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With the steady stream of settlers into Indian controlled land, Eastern newspapers printed sensationalized stories of savage native tribes committing widespread massacres of hundreds of white travelers. Although some settlers lost their lives to American Indian attacks, this was certainly not the norm; in fact, Native American tribes routinely helped settlers cross over the Plains. Not only did the American Indians offer wild game and other supplies to travelers, but they acted as guides and messengers between wagon trains as well. Despite the friendly natures of the American Indians, settlers still anticipated the risk of an attack.
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To soothe these worries, in 1851 the U.S. government kept a conference with several local Indian tribes and established the Treaty of Fort Laramie. Under this treaty, each Native American tribe consented to a bounded territory, allowed the government to construct roads and forts in this territory and agreed to never assault settlers; in return the federal government agreed to honor the boundaries of each tribe’s territory and make gross annual payments to the Indians. The Native American tribes responded peacefully to the treaty; in fact the Cheyenne, Sioux, Crow, Arapaho, Assinibione, Mandan, Gros Ventre and Arikara tribes, who entered into the treaty, even consented to end the hostilities amidst their tribes to be able to accept the conditions of the treaty.
Navajo Jewelry is Celebrated Worldwide by American Indian Art Collectors
This peaceful agreement between the U.S. government and the Native American tribes didn’t hold long. After hearing testimonies of fertile land and tremendous mineral wealth in the West, the government soon broke their promises established in the Treat of Fort Laramie by permitting thousands of non-Indians to flood into the region. With so many newcomers heading west, the federal government established a plan of limiting Native Americans to reservations, small swaths of acreage within a group’s territory that was set aside exclusively for their use, to be able to provide more land for the non-Indian settlers.
In a series of new treaties the U.S. government commanded Native Americans to surrender their land and move to reservations in exchange for protection from attacks by white settlers. In addition, the Indians were given a yearly stipend that would include cash in addition to food, livestock, household goods and farming equipment. These reservations were established in an effort to clear the way for increased U.S. expansion and administration in the West, as well as to keep the Native Americans divided from the whites in order to decrease the chance for conflict.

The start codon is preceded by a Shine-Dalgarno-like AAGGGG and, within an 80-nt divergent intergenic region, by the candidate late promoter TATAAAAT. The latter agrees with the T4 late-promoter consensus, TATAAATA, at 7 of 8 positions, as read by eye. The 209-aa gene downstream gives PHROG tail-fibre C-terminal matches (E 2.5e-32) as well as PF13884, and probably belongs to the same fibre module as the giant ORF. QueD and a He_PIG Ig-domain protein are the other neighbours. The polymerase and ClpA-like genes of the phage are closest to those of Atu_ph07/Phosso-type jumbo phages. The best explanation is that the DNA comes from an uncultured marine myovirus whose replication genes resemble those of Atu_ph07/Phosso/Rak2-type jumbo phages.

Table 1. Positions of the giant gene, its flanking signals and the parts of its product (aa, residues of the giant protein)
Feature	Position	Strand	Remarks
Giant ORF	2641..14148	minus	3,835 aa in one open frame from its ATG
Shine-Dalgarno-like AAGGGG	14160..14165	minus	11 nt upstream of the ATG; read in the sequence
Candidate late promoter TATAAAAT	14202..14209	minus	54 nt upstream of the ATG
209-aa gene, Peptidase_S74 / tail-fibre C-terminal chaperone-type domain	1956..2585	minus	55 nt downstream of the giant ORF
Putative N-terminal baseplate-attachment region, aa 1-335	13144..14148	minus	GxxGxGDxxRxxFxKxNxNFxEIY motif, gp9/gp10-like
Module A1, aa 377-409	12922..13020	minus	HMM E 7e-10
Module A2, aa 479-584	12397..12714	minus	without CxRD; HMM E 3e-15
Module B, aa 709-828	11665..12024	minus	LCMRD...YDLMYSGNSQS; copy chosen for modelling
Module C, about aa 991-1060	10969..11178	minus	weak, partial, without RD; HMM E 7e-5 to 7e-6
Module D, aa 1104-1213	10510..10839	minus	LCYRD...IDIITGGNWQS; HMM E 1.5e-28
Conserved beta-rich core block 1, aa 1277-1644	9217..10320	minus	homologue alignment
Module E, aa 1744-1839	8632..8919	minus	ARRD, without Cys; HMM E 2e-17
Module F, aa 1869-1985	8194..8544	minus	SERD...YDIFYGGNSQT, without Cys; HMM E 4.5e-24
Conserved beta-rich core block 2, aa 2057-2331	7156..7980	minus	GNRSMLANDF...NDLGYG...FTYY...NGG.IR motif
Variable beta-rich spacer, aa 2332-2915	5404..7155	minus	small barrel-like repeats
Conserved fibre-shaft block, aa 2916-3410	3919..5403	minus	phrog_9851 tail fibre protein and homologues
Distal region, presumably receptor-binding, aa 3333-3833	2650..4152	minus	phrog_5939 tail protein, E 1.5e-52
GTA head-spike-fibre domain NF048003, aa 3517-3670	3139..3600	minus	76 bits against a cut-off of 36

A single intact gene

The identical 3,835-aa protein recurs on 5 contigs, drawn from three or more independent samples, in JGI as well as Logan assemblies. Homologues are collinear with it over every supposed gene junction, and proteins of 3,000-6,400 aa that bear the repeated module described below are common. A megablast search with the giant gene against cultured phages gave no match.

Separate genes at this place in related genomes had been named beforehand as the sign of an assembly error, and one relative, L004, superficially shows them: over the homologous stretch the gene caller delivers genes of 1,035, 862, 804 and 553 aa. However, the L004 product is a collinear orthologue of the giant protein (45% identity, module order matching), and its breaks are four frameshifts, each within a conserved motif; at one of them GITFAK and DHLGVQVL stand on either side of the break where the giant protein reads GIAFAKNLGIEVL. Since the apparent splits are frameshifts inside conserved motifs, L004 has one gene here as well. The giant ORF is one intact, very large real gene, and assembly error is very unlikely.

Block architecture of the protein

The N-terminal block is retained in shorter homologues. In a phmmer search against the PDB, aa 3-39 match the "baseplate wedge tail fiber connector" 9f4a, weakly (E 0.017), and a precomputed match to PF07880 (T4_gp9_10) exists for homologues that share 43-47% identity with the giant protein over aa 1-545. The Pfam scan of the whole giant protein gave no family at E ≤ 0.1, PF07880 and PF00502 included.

History of the Plains Indians
These agreements had many problems. Most importantly many of the native people didn’t completely grasp the document that they were finalizing or the conditions within it; moreover, the treaties did not respect the cultural practices of the Native Americans. In addition to this, the government bureaus accountable for applying these policies were plagued with awful management and corruption. In fact most treaty terms were never carried out.
The U.S. government rarely held up their side of the deals even when the Native Americans went quietly to their reservations. Shady bureau agents often sold the supplies that were intended for the Indians on reservations to non-Indians. Additionally, as settlers required more land in the West, the federal government frequently reduced the size of the reservations. By this time, many of the Native American peoples were unhappy with the treaties and angered by the settlers’ endless hunger for land.
A Look at Native American Symbols
Angered by the government’s dishonest and unfair policies, several Native American tribes, including bands of Cheyennes, Arapahos, Comanches and Sioux, fought back. As they fought to protect their lands and their tribes’ survival, over a thousand skirmishes and battles broke out in the West between 1861 and 1891. In an effort to coerce Native Americans onto the reservations and to end the violence, the U.S. government responded to these conflicts with costly military operations. Obviously the U.S. government’s Indian regulations were in need of a change.
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Native American policy changed considerably after the Civil War. Reformers felt that the scheme of driving Native Americans into reservations was far too strict even while industrialists, who were worried about their land and resources, viewed assimilation, the cultural absorption of the American Indians into “white America” as the sole permanent strategy for ensuring Native American survival. In 1871 the government approved a critical law stating that the United States would no longer deal with Native American tribes as independent nations.